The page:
Other parts of this series:
In the previous blog posts in this series, I discussed what makes the life insurance industry an ideal candidate for robotic process automation (RPA) and the various benefits this technology delivers. Now, let’s talk about why many life insurers fail to harness the full potential of this powerful, strategic transformation lever despite having the appropriate ecosystem.
An effective RPA implementation requires a balance of many elements including an effective RPA operating model and organization design; appropriate governance of best practices, standards and execution strategies; change management; and last but certainly not the least, a holistic approach to identifying, prioritizing and selecting process candidates for automation.
Accenture has developed a unique, two-tiered approach that can deliver the best mix of tactical and strategic benefits. Insurers leveraging this approach can identify and address immediate opportunities—realizing quick wins that generate instant cost savings—while building momentum for more strategic and comprehensive operational transformation.
First-tier approach: This is a process-centric approach which means individual process candidates are assessed, scored and prioritized for automation primarily on their own merits. For example, the individual processes yielding the highest level of efficiency gains at the lowest level of complexity (implementation cost) will be prioritized.
Assessment and prioritization are typically completed using a scoring and assessment framework that considers key factors such as volumes, average processing time, complexity and the number of FTEs allocated to the execution of the process.
This is usually the first and only approach that insurers follow. It yields benefits quickly and efficiently. However, pursuing only a process-centric approach can leave a significant amount of value on the table without enabling meaningful strategic transformation.
Second-tier approach: This approach makes use of the scoring and assessment framework described above, but instead of evaluating individual processes on their own merits, the goal is to holistically evaluate groups of processes that are executed by discrete functional teams. It is not unusual for a team to carry out as many as 10 different processes, of which six or seven might be good candidates for automation.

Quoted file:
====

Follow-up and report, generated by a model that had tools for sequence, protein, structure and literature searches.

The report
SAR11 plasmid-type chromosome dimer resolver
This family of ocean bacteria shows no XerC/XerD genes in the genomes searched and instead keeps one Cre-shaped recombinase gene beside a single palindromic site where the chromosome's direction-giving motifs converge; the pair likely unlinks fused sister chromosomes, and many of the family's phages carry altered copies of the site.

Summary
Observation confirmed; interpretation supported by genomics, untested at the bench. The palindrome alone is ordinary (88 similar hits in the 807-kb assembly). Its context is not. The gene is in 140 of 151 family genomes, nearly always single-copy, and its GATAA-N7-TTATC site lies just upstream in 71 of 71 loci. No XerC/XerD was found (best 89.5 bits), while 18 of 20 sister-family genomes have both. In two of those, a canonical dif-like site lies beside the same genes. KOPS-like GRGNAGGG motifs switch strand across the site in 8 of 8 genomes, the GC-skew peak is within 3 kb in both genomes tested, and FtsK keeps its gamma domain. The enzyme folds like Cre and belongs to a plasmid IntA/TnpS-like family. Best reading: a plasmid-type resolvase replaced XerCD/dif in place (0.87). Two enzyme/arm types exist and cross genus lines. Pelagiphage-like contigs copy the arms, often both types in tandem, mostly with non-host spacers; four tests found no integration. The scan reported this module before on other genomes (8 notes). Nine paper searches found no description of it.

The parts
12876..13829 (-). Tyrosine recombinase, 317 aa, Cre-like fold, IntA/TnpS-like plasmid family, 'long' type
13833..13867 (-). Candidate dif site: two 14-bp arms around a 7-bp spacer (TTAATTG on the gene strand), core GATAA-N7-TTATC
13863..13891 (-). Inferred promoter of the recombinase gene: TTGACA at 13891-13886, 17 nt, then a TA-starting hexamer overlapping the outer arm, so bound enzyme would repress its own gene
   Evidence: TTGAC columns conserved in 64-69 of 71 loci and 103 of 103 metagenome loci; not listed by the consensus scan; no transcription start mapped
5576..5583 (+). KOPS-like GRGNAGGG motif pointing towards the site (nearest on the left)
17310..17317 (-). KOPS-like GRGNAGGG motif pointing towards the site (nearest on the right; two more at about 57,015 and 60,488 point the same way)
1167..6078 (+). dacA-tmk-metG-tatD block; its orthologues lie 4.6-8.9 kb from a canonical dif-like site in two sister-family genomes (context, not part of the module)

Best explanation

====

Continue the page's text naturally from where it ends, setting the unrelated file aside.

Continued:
For example, more than half of the back-office operations teams at one leading insurer were found to support multiple processes, each of which required fewer than four FTEs. These teams, accounting for over a third of the insurer’s operations staff, would mostly have been ignored under a process-centric approach.
It allows insurers to achieve desirable ROIs by increasing the capacity of the team by up to 80 percent instead of the 30–40 percent that may be achieved by focusing solely on the one or two top-priority processes.
This team-centric tier enables insurers to transform the nature of their operations in a more strategic way by using RPA comprehensively. It gives them greater flexibility and scalability, setting the stage for the application of advanced analytics and enabling a sharper focus on customer interactions.
Life insurers planning to tap the RPA potential should ensure they follow a holistic approach that addresses both processes and team. With the right RPA strategy and effective governance structure, life insurers can make the most of RPA and become a successful insurer of the future.
For more details, read our point of view Intelligent Automation: Driving Efficiency and Growth in Insurance .